California’s attorney general on Friday asked a federal judge to block a new Trump administration rule designed to strip abortion clinics of federal funds distributed through the Title X program.
In a March 22 announcement, California’s Attorney General Xavier Becerra called the Protect Life Rule “reckless and illegal” and “a dangerous political ploy to sabotage women’s reproductive healthcare.”
The U.S. Department of Health and Human Services finalized the “Protect Life Rule” in late February, by which abortion clinics will be ineligible to receive Title X Program funding. The rule also prohibits clinics receiving funds from referring patients to other doctors for abortions, and bars funded clinics from sharing space with abortion clinics.
The California attorney general’s motion for a preliminary injunction against the rule argues that the rule “undermines clinically established standards of care, interferes with the patient-provider relationship, and contradicts core tenets of the Title X program.”
Dr. Tanya Spirtos of the California Medical Association wrote in a declaration filed with the attorney general’s motion that the Protect Life Rule "restricts physicians from speaking freely with their patients, violates core ethical standards, and undermines the physician-patient relationship."
Title X is a federal program created in 1965 that subsidizes family-planning and preventative health services, including contraception, for low-income families. It has been frequently updated and subject to new regulations. California has the largest Title X program in the country, serving nearly a quarter of all Title X patients nationwide, according to the attorney general’s office.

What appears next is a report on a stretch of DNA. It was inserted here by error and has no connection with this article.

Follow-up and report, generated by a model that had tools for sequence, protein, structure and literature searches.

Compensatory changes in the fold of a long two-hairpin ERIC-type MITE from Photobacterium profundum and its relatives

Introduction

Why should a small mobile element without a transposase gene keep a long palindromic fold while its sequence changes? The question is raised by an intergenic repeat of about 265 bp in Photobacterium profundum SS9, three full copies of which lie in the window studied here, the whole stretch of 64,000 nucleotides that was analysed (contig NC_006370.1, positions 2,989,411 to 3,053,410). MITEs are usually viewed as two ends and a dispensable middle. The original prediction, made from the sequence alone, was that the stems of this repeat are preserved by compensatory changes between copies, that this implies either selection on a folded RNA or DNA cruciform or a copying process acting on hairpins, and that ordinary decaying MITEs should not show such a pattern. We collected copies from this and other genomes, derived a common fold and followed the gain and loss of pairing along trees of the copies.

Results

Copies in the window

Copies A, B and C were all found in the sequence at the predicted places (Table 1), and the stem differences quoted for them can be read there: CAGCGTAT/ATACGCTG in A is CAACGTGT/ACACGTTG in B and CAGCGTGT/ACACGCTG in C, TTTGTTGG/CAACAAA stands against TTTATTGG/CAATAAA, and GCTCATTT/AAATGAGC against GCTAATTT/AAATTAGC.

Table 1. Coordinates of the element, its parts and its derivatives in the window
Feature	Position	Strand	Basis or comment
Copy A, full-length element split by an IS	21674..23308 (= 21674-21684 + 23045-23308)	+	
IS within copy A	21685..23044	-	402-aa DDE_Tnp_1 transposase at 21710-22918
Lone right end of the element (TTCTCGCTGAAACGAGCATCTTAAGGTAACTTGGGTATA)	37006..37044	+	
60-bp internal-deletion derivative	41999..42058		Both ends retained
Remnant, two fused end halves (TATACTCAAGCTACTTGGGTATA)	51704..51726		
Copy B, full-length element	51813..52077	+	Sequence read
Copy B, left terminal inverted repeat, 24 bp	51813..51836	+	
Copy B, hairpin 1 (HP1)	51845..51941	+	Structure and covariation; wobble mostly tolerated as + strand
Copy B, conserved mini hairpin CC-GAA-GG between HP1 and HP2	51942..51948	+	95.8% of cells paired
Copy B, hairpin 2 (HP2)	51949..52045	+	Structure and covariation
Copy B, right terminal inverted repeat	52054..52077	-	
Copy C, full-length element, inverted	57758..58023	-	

Planned Parenthood, which provides abortions, is expected to lose about $60 million in federal funds under the new federal rule, which is set to go into effect during April.
Last year, Planned Parenthood received over $500 million in federal funds, about 10% of which came from the Title X program. The abortion chain is still eligible for federal funds that are not part of Title X.
Nearly two dozen states, led by Oregon and including California, are already suing the administration over the Protect Life Rule.
Becerra filed California’s lawsuit against the US Department of Health and Human Services on March 4 in the Northern District Court of California in San Francisco.
The preliminary injunction, if granted, would block the rule’s implementation while the court reviews the state’s lawsuit.
The District Court is set to hear arguments on the preliminary injunction April 18.
Among other provisions, the Protect Life Rule requires that there be a physical and financial separation between recipients of Title X funds and facilities that perform abortions. Clinics that provide “nondirective counseling” about abortion can still receive funds.
Previous regulations, written during Bill Clinton’s presidency, not only allowed for health clinics that were co-located with abortion clinics to receive funds, but also required that Title X recipients refer patients for abortions.
Rep. Chris Smith (R-NJ), chairman of the Bipartisan Congressional Pro-Life Caucus, said the new rules move Title X closer to “its originally intended purpose—the provision of family planning services, not abortions.”
Pro-life advocates have welcomed the HHS rule change. Marjorie Dannefelser, president of the Susan B. Anthony List, praised the move, saying that it was targeted at abortion provision alone and would not reduce other family planning services by “a single dime.”
“The Title X program was not intended to be a slush fund for abortion businesses like Planned Parenthood, which violently ends the lives of more than 332,000 unborn babies a year and receives almost $60 million a year in Title X taxpayer dollars,” she said in a Feb. 22 statement.